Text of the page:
Since I wrote the piece, not Dr. Gorski, I take full responsibility for its content and defend my writing personally.  A bit of a fisking is in order to help us all better understand how to think about these questions properly.

I am not a doctor but am pursuing an MA and hopefully a PhD in nutrition and public health. I am very familiar with Dr. Fuhrman and his work. I have heard many of Dr. Fuhrman’s lectures and if anything they are all based on concrete scientific research. I must express my disappointment about both the tone and factual content of the article written.

The writer first tries to establish himself as an authority on nutrition, public health, and one Dr. Fuhrman (the putative antagonist of my piece) as a reliable source of that authority.  Even if we were to be convinced by his level of authority, it is irrelevant to his arguments.   Our Dear Correspondent could be a Nobel laureate in physics, but this is no guarantee of relevant expertise.

Then he begs the question: he asserts that Dr. Fuhrman’s works are “all based on concrete scientific research”.  This may or may not be true, but it does not refute the points made in my post, such as Furhman’s stated idea that all disease is preventable with just the right lifestyle and avoidance of medication.

He finishes his point with a non sequitur (although one that loyal reader Peter Moran might agree with), that somehow my tone renders my argument less valid.  If I were to point at the sky and shout, “It’s &%$# blue, you ass!” the statement would be no less true for its crudeness.

I read extensively about nutrition, exercise and their health benefits. Much of the research done in this field has been conducted in small clinical trials or in the laboratory. There is a good reason for this. Only the government has the financial ability to pay the tens of millions of dollars needed to conduct large scale clinical trials in this area since a drug company would in all probability not have any financial gain from a clinical trial showing that individuals eating 10 servings of vegetables each day have a significant reduction in chronic disease.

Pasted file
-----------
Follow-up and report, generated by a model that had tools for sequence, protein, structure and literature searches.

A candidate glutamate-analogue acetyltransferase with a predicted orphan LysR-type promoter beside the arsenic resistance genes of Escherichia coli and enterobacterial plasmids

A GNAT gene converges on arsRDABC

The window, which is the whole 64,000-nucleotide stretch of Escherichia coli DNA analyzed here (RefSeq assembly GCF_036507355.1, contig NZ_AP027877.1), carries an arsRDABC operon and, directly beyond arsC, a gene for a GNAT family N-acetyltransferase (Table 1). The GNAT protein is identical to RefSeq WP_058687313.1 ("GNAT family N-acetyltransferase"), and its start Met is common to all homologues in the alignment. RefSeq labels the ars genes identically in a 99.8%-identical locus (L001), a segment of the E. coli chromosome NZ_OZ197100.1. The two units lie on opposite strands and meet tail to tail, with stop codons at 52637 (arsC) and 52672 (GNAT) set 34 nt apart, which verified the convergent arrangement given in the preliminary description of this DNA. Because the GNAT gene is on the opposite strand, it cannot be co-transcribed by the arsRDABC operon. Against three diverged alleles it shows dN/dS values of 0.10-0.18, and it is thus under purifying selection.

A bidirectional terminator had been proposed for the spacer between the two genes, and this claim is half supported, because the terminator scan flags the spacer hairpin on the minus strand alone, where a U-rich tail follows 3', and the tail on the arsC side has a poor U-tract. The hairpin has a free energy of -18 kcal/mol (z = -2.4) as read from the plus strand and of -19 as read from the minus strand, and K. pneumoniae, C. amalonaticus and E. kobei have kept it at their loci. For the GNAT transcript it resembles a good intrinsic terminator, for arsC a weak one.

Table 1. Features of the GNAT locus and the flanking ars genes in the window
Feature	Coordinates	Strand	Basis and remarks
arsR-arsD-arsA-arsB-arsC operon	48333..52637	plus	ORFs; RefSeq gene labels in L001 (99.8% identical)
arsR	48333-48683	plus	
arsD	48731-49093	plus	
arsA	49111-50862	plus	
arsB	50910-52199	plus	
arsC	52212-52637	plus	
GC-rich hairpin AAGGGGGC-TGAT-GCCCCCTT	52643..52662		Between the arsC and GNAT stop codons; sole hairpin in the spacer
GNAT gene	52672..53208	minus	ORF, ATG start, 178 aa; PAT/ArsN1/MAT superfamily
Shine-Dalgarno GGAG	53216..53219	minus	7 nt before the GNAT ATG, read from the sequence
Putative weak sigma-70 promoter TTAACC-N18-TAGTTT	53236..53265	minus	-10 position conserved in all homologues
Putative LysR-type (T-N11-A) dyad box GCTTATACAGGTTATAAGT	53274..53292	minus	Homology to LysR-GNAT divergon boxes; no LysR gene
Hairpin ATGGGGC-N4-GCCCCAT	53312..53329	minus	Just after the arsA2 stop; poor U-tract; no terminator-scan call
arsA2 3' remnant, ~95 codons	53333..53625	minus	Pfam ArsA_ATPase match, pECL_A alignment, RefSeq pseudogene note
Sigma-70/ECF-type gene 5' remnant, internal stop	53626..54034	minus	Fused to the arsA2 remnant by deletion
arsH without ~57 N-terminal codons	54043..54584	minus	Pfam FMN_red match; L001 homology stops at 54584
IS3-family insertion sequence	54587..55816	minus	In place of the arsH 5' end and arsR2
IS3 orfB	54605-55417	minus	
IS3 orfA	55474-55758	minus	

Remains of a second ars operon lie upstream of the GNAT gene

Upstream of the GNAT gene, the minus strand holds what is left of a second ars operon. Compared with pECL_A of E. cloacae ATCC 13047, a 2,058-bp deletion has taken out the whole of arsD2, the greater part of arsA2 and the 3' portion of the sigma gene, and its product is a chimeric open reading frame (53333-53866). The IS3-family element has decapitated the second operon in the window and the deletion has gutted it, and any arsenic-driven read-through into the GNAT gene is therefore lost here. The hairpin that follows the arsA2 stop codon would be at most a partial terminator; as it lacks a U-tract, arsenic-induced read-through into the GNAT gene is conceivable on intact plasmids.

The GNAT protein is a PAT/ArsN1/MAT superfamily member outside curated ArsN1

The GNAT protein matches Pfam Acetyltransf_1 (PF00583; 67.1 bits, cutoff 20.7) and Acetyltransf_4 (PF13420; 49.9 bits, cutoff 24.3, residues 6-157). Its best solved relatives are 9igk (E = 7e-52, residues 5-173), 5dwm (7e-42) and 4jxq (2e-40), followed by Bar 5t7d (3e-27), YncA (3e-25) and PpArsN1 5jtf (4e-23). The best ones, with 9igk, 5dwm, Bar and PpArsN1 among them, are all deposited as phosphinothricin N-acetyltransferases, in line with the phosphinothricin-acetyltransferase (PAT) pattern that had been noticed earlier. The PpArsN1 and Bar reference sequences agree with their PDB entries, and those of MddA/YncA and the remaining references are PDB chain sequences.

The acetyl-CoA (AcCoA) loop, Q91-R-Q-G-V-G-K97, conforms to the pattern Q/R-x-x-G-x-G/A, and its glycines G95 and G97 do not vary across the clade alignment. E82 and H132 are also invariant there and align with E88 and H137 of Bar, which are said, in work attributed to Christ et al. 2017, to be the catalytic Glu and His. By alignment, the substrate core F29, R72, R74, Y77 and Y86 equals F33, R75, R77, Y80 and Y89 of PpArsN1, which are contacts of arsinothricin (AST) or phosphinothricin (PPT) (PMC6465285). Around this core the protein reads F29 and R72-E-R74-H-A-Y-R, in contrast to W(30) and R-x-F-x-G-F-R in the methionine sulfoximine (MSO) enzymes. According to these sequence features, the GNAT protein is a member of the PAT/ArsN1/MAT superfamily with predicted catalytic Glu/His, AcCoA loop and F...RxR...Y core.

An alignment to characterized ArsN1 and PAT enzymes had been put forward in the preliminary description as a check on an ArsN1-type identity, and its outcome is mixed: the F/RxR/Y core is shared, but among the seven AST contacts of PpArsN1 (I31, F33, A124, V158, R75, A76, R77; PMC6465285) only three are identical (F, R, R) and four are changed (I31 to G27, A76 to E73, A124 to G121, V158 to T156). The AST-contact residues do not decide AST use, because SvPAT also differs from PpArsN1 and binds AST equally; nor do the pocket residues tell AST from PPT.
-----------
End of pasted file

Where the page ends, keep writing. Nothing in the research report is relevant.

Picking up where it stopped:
This is simply untrue.  There is an enormous body of research on nutrition and exercise physiology.  Just glancing at today’s issue of the American Journal of Cardiology, we see Impact of Body Mass Index, Physical Activity, and Other Clinical Factors on Cardiorespiratory Fitness (from the Cooper Center Longitudinal Study); from The Lancet, a summary of Salt and cardiovascular disease mortality. These fields (nutrition, exercise) are and have been active areas of high quality research, just not to the exclusion of all else.  It would be rather foolish to focus on only one set of tools to prevent a heart attack.  When lifestyle modification is inadequate, it is not a failure of the patient, the doctor, or science-based medicine, but a simple case of “stuff happens” and it’s time to crack open another tool box.

These facts render irrelevant his subsequent suspicion-filled assumptions about the economics of medicine.  The government funds a great deal of this research, but so do pharmaceutical and related industries.  There is always a profit to be made, whether by developing a new drug, or opening a Whole Foods with aisles full of magic (some of which is quite healthy and quite tasty).